On January 20, 2007--almost a year ago--the junior Senator from New York and Former First Lady, Hillary Clinton, announced that she was going to make a bid for the presidency.
Of course, as the wife of former President, Bill Clinton, there would be questions. Questions like her involvement in the Whitewater Affair.
Questions about how she had handled various documents: FBI documents, travel office documents, and documents from the Clinton Library.
There were even questions about her sexuality.
Isn't that just disgusting?
People looked for little hints: was she or wasn't she?
Some people said they had evidence.
Some people weren't so sure. They kept looking for clues.
Some people said that Clinton would be a strong leader.
There had been rumors for years about Hillary Clinton's earthy ways.
Right after Clinton announced, there was much speculation: the questions continued about the private side of Hillary Clinton.
Regardless, a lot of people thought "If only we knew the answers to some of the questions about her, Hillary Clinton would be right for the job."
Husband Bill was thought to be an asset by some.
But others thought he was a drag on her campaign.
Everyone agreed, however, that whatever his faults, Bill had some powerful backers and a lot of important political connections.
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Early on, there wasn't much to talk about.
After all, the primary election season was almost a year away.
Some pundits talked about Clinton's hair.
Everyone but hairdressers and other reporters in the MSM just rolled their eyes.
The pundits didn't seem to notice.
There was so much talk about Clinton's hair, some probably wished that the former first lady would do something to make the MSM reporters and pundits stop.
So, eventually, a few moved on.
They questioned her role in the early days of husband Bill's presidency.
They wanted to know about her hand in health care reform.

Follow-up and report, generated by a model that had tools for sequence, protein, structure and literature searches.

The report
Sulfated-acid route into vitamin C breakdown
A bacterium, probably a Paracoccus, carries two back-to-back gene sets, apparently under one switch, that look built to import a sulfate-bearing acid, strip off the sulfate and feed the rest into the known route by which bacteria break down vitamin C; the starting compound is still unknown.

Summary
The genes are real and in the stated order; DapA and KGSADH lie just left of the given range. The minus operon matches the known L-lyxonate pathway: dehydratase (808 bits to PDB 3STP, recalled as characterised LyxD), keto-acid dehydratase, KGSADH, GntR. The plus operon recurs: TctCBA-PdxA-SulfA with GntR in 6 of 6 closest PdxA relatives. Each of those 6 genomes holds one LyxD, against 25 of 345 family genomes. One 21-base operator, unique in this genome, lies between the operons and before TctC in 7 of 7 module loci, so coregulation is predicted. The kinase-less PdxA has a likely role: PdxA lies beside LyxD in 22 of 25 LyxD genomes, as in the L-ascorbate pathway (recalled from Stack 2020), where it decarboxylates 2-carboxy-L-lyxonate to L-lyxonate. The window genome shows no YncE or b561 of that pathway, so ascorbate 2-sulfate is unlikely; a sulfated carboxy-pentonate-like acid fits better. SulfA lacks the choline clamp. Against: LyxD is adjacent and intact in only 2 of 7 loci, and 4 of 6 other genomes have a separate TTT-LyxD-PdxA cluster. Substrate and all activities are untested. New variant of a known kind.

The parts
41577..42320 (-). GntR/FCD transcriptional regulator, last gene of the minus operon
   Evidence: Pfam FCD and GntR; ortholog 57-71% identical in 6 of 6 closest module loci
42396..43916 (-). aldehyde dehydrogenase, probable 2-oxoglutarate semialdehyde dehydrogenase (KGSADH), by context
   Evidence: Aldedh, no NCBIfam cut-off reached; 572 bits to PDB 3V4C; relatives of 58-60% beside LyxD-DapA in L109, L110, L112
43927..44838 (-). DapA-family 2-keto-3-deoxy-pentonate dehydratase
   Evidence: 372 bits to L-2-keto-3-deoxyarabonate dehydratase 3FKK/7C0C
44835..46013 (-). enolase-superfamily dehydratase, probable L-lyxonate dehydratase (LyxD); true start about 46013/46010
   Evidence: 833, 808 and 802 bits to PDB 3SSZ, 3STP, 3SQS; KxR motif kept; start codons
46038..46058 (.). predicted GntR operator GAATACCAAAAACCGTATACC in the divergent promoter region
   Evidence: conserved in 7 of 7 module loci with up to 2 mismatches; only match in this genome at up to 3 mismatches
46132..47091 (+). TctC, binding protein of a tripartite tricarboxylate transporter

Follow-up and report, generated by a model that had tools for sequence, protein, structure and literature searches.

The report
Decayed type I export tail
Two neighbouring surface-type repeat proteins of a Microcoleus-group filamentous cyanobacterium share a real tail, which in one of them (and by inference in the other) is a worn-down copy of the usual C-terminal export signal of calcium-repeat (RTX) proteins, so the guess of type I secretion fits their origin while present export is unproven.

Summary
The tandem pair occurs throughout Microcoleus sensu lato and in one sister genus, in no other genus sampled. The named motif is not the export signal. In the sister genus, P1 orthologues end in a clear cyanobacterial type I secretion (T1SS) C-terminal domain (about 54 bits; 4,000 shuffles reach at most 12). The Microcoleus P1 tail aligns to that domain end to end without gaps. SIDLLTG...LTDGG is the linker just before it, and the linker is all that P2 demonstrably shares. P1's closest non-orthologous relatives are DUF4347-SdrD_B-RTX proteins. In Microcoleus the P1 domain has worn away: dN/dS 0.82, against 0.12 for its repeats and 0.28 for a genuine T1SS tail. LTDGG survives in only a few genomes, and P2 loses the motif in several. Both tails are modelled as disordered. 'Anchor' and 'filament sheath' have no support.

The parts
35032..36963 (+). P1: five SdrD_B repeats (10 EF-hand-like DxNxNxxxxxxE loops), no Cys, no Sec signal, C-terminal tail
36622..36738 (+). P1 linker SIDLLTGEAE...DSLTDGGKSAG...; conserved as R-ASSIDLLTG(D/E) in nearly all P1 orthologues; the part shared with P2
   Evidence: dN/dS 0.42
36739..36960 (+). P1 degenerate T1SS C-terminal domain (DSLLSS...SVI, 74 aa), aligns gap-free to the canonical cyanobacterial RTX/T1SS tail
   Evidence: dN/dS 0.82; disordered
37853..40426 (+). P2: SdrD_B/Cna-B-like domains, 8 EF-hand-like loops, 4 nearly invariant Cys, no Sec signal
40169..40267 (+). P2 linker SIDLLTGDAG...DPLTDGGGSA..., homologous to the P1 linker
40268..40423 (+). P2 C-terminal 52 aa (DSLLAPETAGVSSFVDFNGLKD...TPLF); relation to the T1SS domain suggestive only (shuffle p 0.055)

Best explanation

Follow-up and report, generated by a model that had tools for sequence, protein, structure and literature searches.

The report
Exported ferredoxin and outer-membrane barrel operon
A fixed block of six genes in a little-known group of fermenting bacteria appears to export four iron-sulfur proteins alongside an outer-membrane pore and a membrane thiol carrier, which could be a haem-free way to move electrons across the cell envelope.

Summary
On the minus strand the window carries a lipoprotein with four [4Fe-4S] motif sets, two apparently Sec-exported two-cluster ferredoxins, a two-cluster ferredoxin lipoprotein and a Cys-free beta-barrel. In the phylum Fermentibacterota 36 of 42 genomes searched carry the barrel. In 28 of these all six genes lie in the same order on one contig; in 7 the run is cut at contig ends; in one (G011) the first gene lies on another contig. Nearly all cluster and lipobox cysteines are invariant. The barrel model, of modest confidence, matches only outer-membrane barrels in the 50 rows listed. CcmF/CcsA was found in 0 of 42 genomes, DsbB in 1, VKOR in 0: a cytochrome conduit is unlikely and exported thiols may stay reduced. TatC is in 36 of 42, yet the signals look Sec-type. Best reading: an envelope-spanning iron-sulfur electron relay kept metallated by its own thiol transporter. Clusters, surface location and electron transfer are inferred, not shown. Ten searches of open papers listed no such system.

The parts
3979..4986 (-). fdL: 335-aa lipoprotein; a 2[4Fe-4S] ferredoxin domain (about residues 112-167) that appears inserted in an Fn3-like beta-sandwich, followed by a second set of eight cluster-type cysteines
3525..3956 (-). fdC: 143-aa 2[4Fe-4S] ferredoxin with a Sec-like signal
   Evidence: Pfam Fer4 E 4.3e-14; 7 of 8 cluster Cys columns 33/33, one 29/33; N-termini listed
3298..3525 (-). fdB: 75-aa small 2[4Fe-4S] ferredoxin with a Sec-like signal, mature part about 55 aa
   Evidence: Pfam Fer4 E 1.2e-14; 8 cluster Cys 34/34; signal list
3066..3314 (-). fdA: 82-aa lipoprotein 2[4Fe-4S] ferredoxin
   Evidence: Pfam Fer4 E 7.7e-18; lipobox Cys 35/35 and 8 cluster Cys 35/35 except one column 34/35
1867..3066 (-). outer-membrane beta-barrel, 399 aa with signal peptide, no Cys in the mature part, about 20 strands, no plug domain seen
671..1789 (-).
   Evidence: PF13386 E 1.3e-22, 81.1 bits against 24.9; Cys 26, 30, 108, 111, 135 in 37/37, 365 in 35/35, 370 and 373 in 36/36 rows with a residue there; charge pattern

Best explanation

Back then, Hillary Clinton had packaged government health care as best she could.
The Hillary Clinton Health Care Plan reminded a lot of people of something else.
In the end, even with a Democrat-controlled House and Senate, her plan failed.
With all the questions answered to the MSM's satisfaction, Hillary Clinton set about gearing up her campaign.
Libertarians, in general, and Ron Paul supporters, in particular, thought Clinton's campaign sounded like more government regulation.
Conservatives complained that Clinton was too controlling.
Some said that if Clinton didn't win in 2008, she would be back four years--and maybe even eight years--later.
There was a lot of speculation that Hillary Clinton had an image problem.
Polls showed HIGH negatives--some polls showed over half the voters with a negative impression of her.
Even some Democrats whispered that Hillary was a "witch".
That wasn't very nice, was it?
But in spite of all that, Hillary Clinton's campaign had plenty of money.
It was rumored that they called in high-priced experts to try and solve her problems.
Clinton huddled with her advisers and worked hard to soften her image.
Soon, it was written in such important newspapers as the New York Times and the Washington Post that Hillary Clinton just might be a "classic Democrat".
- - -
Who would compete with Clinton for the Democrat nomination?
On February 10, 2007, Barack Obama announced he was throwing his hat into the ring.
Some pundits speculated that the Clinton machine would grind up Senator Obama.